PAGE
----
The holes were dug on a hill,
three of them.
It was dusty work.

The smallest one, low and to the left,
was filled in.
The middle one was the largest.

It was oval like an open mouth
and big enough to take three bodies
lying down.

In the last, higher up and to the right,
we put the boots.

We collected them,
long boots,
heeled boots, dusty
work boots, we laid them
down on their sides.

I said, ‘I’ll put mine in!’
But it was a stupid idea.
We had enough.

We covered the bottom of the hole
with them.

By the time we finished
the stars were out.

The big hole gaped in
the starlight, hollow.

Dust rose from our

What about a vacuum cleaner?’
I thought.

Inside, the window looked out
on the neighbour.

It was Christmas.
I had a glass of wine,
listening to the laughing and
shouting, and a piece of the rim
broke off in my mouth.

I changed the side of the glass
I was drinking from.
Another piece broke off.

I turned the glass again.
I knew that it wasn’t a solution.

Sooner or later I was
going to have to get a new glass.

More and smaller pieces of the glass
and came away.

It was becoming dangerous to drink from.
The points were too sharp to put my lips
against, even gently, taking little sips.

Finally, a crack
ran down the glass
length-ways, to the stem,

and it broke into two halves,
wetting my hands with wine
that then splattered on the floor.
Oh,’ I said.

Now I had no choice.
I gathered up
all the pieces.

I rinsed them in the sink.
I went and got the
vacuum cleaner.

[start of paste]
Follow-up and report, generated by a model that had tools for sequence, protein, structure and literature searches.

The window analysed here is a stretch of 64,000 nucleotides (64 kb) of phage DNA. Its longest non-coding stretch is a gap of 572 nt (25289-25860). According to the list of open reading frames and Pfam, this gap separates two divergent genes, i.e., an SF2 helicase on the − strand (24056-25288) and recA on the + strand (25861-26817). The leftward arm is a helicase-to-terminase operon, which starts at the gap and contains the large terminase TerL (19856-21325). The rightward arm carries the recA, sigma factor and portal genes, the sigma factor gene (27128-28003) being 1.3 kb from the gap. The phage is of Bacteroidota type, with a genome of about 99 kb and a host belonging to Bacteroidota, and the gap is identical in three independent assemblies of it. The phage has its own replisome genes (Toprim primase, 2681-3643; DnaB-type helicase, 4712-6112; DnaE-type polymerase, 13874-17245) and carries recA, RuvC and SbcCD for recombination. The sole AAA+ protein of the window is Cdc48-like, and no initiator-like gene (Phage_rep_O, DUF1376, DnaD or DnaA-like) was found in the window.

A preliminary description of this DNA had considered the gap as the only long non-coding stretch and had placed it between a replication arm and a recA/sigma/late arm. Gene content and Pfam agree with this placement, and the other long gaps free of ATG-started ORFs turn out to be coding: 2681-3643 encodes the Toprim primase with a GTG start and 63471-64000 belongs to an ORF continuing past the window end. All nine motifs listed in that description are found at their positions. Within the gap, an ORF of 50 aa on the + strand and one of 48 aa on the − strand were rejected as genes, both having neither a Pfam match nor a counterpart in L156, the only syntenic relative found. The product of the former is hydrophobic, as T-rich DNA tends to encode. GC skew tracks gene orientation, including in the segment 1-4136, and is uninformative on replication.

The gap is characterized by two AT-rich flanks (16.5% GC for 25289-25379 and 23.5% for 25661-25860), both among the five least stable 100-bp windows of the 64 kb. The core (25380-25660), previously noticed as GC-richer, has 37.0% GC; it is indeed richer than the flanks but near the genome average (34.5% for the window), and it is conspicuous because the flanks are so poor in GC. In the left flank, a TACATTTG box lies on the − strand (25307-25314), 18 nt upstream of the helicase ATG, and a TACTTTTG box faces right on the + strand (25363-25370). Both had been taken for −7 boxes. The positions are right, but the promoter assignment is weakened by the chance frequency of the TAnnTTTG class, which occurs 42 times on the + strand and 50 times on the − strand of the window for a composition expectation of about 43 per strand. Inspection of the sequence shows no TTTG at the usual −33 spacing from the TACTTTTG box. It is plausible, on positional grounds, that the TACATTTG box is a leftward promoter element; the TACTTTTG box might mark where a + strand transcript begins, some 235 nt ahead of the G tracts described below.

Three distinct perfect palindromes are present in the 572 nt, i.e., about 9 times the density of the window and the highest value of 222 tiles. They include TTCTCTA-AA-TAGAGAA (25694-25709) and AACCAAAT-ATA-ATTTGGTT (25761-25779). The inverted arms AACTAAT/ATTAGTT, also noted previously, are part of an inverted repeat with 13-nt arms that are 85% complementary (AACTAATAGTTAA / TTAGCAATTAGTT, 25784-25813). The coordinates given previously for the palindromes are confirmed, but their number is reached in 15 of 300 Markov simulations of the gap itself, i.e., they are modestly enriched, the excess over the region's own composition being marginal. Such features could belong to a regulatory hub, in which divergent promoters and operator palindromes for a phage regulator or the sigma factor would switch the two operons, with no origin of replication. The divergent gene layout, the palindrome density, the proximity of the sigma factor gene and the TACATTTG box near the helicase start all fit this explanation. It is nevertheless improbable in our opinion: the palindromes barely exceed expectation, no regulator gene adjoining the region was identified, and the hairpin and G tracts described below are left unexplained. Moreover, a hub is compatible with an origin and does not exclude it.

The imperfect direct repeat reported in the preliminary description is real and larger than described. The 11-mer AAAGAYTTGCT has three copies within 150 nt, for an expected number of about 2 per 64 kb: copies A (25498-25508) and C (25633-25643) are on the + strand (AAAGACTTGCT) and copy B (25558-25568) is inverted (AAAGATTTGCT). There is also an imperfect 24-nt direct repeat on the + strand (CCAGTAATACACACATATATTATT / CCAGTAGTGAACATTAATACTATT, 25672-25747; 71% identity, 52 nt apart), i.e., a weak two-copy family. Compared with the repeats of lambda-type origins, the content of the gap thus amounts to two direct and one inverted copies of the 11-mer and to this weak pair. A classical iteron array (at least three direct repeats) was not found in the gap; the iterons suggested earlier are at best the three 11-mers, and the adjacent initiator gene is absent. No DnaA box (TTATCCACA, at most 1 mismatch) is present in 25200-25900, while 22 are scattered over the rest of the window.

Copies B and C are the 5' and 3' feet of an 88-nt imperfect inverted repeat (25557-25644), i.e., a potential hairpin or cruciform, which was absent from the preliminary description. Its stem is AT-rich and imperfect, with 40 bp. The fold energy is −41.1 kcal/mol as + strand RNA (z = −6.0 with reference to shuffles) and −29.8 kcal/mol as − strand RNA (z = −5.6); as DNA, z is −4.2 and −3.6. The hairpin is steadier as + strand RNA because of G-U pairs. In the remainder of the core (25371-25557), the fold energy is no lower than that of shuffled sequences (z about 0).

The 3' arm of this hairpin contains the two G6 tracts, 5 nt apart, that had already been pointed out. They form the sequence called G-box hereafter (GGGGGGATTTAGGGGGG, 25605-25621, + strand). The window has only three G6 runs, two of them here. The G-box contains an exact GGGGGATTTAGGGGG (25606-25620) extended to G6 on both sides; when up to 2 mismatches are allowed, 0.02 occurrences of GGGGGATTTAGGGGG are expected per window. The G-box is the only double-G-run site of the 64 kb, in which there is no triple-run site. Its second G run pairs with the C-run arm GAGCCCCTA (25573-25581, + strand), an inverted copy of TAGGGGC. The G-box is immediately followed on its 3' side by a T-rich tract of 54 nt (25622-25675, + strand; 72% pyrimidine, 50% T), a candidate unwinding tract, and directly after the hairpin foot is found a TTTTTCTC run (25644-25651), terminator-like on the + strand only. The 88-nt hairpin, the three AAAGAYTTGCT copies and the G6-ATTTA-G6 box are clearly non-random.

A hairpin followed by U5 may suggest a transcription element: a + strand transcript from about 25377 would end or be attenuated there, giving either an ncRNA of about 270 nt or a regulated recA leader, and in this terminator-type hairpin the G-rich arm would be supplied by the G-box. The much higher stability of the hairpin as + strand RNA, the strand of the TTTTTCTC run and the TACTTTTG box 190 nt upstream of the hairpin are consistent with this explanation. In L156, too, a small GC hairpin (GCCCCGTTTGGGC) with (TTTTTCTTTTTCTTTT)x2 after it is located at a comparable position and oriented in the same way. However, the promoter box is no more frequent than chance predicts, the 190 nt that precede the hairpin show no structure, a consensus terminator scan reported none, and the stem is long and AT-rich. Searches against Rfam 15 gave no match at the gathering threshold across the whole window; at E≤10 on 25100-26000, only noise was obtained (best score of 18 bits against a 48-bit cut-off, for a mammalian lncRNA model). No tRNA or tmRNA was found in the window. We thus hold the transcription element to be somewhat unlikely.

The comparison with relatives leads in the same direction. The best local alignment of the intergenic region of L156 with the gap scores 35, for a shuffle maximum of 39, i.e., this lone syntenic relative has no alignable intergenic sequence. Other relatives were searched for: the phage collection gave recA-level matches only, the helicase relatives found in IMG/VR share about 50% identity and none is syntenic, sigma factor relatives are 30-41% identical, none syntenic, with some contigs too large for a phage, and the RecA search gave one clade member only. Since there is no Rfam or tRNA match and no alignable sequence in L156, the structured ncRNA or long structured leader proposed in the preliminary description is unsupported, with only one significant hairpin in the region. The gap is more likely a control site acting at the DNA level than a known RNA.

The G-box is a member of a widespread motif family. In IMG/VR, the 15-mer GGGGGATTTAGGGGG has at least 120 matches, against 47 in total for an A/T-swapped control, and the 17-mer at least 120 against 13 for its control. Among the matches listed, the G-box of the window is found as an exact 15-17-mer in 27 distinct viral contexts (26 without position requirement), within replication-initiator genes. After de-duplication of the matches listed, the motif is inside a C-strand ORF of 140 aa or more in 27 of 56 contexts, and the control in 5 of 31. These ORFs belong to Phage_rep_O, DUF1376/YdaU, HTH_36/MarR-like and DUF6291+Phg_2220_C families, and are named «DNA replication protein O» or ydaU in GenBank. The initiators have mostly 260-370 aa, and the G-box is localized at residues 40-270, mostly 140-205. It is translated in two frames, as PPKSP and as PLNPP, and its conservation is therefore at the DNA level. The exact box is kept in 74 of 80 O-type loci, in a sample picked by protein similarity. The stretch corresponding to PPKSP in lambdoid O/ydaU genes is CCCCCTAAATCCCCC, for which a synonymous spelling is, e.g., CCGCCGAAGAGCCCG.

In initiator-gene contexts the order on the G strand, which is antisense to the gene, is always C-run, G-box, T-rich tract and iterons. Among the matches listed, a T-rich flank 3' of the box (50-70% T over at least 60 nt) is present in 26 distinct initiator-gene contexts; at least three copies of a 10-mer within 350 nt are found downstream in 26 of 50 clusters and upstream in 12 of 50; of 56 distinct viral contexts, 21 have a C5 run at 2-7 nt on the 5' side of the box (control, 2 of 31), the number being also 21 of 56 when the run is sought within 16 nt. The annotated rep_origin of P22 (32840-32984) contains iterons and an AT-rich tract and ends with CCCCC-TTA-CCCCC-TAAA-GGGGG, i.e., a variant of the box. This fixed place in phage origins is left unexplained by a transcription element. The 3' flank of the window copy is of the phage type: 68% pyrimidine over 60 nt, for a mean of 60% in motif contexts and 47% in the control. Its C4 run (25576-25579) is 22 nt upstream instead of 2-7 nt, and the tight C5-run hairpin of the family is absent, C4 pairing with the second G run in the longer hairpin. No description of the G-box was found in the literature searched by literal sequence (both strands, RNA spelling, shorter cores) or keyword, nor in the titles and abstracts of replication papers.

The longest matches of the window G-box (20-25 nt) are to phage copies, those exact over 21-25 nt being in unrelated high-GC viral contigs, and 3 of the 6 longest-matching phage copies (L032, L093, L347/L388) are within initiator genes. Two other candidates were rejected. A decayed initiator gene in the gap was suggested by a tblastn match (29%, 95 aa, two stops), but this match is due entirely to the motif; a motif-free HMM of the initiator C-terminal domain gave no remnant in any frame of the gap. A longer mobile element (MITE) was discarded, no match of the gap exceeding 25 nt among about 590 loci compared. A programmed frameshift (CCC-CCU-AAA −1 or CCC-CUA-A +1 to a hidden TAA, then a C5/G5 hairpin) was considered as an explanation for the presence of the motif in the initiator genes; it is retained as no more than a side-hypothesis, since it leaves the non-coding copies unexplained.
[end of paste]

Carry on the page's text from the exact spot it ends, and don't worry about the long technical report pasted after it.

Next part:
About eight or nine people
were sitting in armchairs
around the outside of the room.

They sat conversing over their armrests,
on some of which sat children,
so the old people
had to talk behind their backs.

More children were playing
quietly on the floor.

Small toys
rolled into the corners.
I picked them out by hand before

chasing the dust mice around the floor.
We couldn’t decide which video to watch,
although I’d only brought a choice of two

and with the chairs in this arrangement
someone was going to have to miss out.

I held up one.
No!’ They shouted.

I held up the other.
Yes!’ They all agreed.

I put on the film
but did the talking stop?
Of course it didn’t.

To the ongoing conversations
behind the children’s backs
were added comments on
and questions about the film.

They were old friends
and family.

I looked from face to face.
We hadn’t been all together like this
for years,

and for some it would be the last time
we would see each other.

I let it go,
Pausing the film with the remote.
Nobody noticed.